Bright Young Things is the high concept story of a group of young people who respond to an ad for “bright young things” who are wanted “for a big project”, and who all mysteriously wake up in a house on a remote island, with no recollection as to how, or why, they are there.
In Part One we are introduced to the characters one by one. They are – Anne, a girl of a nervous disposition with a sheltered life and not sure of what to do next in life; Jamie, a mathematician who is haunted by numbers and looking for his next challenge (What’s the square root of everything? Nothing.”; Thea, who works in a nursing home and is also become tired with her lot in life; Bryn, a petty drug dealer who does freelance photography; Emily, a “bright young thing” who is conventionally attractive and ends up working for an escort agency; Paul, a vegetarian workaholic who is on the verge of quitting, and for the sheer thrill, is planning on releasing a virus in the near future.
A little is said about how each person came to the point of travelling all the way to Edinburgh for an interview for a job about which they know nothing. At least on the surface, they seem to have little in common, which makes their discovering themselves trapped together in the middle of nowhere all the more bewildering.
Of course, their first instinct is to wonder what could possibly have happened to them, the general consensus being that the interview people drugged them, for whatever reason, and dropped them off here. But as they explore, the house is well stocked with supplies and a sign saying “PLEASE. MAKE YOURSELVES AT HOME”.
However, it is not long until it becomes apparent that, rather than trying to escape immediately, the young people start talking about all the various things they’re into when it comes to “pop culture” (taking place in 1999, many of the pop culture references will perhaps be lost on people of a similar age today). Some – Thea particularly – object to resorting to discussing lowbrow entertainment such as pop music and soap operas, and being sarcastic all the time – indeed most of the time, being ironic is more important than being genuine – but with otherwise such contrasting backgrounds, the “bonding” effect of their conversation is surprising.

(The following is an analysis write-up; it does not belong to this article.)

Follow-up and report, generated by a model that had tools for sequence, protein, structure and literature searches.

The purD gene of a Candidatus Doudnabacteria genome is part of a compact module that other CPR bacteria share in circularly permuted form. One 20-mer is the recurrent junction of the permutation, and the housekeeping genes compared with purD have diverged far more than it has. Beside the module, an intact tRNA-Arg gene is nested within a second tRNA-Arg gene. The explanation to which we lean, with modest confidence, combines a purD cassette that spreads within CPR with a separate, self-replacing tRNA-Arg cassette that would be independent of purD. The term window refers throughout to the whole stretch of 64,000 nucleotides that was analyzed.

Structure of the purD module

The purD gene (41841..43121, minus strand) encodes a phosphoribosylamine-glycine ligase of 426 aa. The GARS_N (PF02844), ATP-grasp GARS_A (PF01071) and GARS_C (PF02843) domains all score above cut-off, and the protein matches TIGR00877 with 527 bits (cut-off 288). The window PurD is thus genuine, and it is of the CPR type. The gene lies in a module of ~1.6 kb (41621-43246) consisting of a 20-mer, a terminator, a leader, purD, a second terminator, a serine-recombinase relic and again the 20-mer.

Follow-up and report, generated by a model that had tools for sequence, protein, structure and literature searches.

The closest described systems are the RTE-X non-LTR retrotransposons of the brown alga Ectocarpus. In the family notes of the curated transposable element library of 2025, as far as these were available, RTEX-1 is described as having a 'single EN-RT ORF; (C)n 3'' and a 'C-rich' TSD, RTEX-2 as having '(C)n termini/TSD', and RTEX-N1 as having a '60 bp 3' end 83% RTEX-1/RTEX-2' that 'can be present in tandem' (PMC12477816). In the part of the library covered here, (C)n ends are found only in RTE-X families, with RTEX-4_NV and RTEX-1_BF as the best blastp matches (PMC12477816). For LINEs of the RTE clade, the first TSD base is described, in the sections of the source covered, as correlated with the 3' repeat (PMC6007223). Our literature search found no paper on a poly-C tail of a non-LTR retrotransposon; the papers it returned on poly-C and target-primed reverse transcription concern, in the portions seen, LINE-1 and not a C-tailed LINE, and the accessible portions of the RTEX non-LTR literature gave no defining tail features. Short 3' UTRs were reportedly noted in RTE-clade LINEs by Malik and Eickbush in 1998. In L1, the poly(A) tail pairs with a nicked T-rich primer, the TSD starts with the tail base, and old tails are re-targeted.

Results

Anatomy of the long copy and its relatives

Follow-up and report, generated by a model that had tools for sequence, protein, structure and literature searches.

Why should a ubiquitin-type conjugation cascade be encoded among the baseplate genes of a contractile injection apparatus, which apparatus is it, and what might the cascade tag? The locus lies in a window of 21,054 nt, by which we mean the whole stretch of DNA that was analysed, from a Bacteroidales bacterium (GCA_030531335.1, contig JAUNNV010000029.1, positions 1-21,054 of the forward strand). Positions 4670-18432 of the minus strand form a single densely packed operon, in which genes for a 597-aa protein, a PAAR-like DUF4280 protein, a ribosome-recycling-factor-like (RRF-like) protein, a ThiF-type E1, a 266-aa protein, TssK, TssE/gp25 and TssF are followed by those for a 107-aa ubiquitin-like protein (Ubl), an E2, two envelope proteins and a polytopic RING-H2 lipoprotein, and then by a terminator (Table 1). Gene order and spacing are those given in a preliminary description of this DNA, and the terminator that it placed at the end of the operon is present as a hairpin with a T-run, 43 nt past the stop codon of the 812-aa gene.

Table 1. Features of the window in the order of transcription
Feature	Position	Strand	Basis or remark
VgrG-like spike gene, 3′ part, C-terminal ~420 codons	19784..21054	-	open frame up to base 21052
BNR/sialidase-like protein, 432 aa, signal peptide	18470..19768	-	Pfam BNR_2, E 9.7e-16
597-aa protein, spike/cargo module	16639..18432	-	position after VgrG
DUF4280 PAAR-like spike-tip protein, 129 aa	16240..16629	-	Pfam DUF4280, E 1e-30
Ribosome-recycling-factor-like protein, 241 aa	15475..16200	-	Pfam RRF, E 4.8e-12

The superficiality of their conversation – discussing soap plots for pages at a time – is potentially off-putting, but as the “bonding” goes on into their first night there, the superficial eventually leads into the meaningful, with deep and dark secrets coming out into the open, mostly with the help of a drunken game of “Truth or Dare”.
Events soon take a drastic sinister turn, when they decide to call it a night and stumble back to their beds; one of them goes exploring in the attic and there finds a dead body; someone who, presumably only died a short time ago, and who must have brought them all there in the first place. It is only at this point in the story that they all seriously contemplate how to make an escape, and after a few of them have varying degrees of breakdown, along with more soul-searching, they eventually hatch a plan to build a boat and send the dead body away with a note asking for their rescue. After that, their future is, seemingly, left entirely up to fate.
Bright Young Things is largely built upon inner dialogue, where each character contemplates what’s going on, and outer dialogue, which is itself built largely upon the pop culture – and the trend for self-conscious affectation – of the time. The author, Scarlett Thomas, alludes to this in the introduction, saying that “The characters in Bright Young Things don’t know they are in a book, but they do know that they are in a story”.
Basically, the whole unlikely scenario the young people find themselves in is dealt with by treating it like a random occurrence in everyday life, which each character treats like a “story”. Even if many of the references now seem out of date, its use in aiding the “story” of the young people in this bizarre situation seems more appropriate.
Simply substitute any pop culture reference in the story for a more up-to-date one, and the same idea will still apply; this story can be seen as a satire of modern culture, or simply a survival story, most likely, it is probably meant to be both at the same time.